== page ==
It would raise some interesting questions, to be sure. We used to hear Fr. Lawrence entertain them: Would there be separate incarnations there? Separate original sin? Separate redemption? You might recall that C.S. Lewis speculated about just this question in his science fiction novel Perelandra, set in a world which had not yet fallen and into which sin had not yet entered. (The mission of the hero was to prevent those things from happening.) I read neither Genesis nor any other part of the Bible as ruling out such things. Until we have a known instance of any other intelligent life out there, however, it’s all speculation.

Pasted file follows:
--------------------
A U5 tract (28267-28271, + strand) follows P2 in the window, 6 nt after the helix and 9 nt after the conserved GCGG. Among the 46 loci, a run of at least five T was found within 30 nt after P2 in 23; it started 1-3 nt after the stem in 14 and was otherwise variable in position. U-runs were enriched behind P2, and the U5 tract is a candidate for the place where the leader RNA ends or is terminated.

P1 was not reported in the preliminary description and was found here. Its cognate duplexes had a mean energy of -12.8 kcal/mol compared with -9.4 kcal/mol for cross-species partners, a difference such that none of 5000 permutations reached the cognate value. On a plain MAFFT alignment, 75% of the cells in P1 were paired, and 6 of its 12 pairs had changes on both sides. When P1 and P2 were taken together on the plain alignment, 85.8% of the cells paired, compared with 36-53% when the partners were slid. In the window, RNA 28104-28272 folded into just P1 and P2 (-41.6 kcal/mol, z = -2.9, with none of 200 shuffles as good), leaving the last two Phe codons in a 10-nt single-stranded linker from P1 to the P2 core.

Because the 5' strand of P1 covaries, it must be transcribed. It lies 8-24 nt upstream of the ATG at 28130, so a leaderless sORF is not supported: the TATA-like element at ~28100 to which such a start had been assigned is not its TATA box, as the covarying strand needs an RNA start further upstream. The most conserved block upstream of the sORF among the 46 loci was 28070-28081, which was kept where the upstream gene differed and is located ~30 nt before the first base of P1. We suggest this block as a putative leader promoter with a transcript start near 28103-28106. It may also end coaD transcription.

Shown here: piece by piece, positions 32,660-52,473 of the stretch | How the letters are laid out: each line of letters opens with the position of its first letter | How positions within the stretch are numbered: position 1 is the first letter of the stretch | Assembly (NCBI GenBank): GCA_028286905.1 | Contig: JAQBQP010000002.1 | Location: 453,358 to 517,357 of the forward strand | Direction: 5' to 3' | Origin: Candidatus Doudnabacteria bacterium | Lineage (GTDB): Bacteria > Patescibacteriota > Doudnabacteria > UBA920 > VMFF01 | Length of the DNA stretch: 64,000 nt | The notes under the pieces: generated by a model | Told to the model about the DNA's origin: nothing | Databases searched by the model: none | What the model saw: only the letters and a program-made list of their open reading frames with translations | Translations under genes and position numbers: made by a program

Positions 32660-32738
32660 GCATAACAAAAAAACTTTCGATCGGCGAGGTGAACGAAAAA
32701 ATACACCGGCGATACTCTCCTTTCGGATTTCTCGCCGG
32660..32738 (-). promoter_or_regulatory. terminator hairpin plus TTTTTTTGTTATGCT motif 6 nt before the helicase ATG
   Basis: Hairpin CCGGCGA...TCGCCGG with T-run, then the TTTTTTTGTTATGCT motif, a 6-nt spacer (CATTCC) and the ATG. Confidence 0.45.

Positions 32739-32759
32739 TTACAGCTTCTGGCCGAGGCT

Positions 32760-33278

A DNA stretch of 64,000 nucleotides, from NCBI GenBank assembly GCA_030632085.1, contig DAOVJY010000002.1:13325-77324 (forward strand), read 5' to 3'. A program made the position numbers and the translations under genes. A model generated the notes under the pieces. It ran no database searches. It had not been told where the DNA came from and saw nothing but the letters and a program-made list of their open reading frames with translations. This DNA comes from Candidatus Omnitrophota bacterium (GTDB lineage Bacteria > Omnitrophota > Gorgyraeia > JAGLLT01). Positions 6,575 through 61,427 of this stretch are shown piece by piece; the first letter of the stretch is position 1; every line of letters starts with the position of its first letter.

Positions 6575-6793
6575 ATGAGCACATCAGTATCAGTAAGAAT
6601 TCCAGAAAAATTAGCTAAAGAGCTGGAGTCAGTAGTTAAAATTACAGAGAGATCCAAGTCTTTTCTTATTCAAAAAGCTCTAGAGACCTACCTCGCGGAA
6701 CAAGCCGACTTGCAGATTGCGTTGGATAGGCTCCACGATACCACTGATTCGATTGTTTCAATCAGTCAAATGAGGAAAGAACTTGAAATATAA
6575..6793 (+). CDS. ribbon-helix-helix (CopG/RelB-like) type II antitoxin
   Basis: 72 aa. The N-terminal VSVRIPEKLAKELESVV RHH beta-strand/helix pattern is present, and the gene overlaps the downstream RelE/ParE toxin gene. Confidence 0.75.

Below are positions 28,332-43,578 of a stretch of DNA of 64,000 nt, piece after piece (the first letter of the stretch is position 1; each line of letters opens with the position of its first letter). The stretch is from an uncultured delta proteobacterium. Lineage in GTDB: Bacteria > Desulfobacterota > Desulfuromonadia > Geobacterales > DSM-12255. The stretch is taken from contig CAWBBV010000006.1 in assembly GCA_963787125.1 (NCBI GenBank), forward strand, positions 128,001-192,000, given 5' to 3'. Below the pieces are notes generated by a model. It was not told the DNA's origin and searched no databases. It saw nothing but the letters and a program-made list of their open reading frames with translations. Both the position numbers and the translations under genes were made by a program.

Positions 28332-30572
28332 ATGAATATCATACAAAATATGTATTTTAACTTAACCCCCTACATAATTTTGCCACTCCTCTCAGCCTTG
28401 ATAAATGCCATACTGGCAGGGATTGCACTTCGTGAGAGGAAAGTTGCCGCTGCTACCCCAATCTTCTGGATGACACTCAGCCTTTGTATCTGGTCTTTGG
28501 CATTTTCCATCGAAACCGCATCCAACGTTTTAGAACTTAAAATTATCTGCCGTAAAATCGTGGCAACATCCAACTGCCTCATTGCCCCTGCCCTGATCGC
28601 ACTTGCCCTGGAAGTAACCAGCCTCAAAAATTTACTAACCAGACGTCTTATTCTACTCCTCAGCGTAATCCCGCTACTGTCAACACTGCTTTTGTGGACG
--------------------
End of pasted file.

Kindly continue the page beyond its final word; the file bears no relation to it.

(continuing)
What we do know, from Genesis and from what is in our hearts, I am sure, is that what God or nature has gifted us with is good, is sacred, and necessary for us. It seems that we now increasingly have the means within our grasp to reject that gift. We can poison the ecosphere or blow up the whole human species or even all species. We can exhaust some vital natural resource or tear down resistance to some virus that will kill us all.
Too Sickening to Contemplate
Think of this reality in relation to the two basic scenarios I’ve posed. Let’s say that this whole unimaginably vast creation was truly just about us. Are there words for what a tragedy it would be if we extinguished the whole point of not just our own earth but of literally everything, including all the billions of galaxies and trillions of stars? If we wiped out, not just the few billion humans involved, but literally the meaning of everything?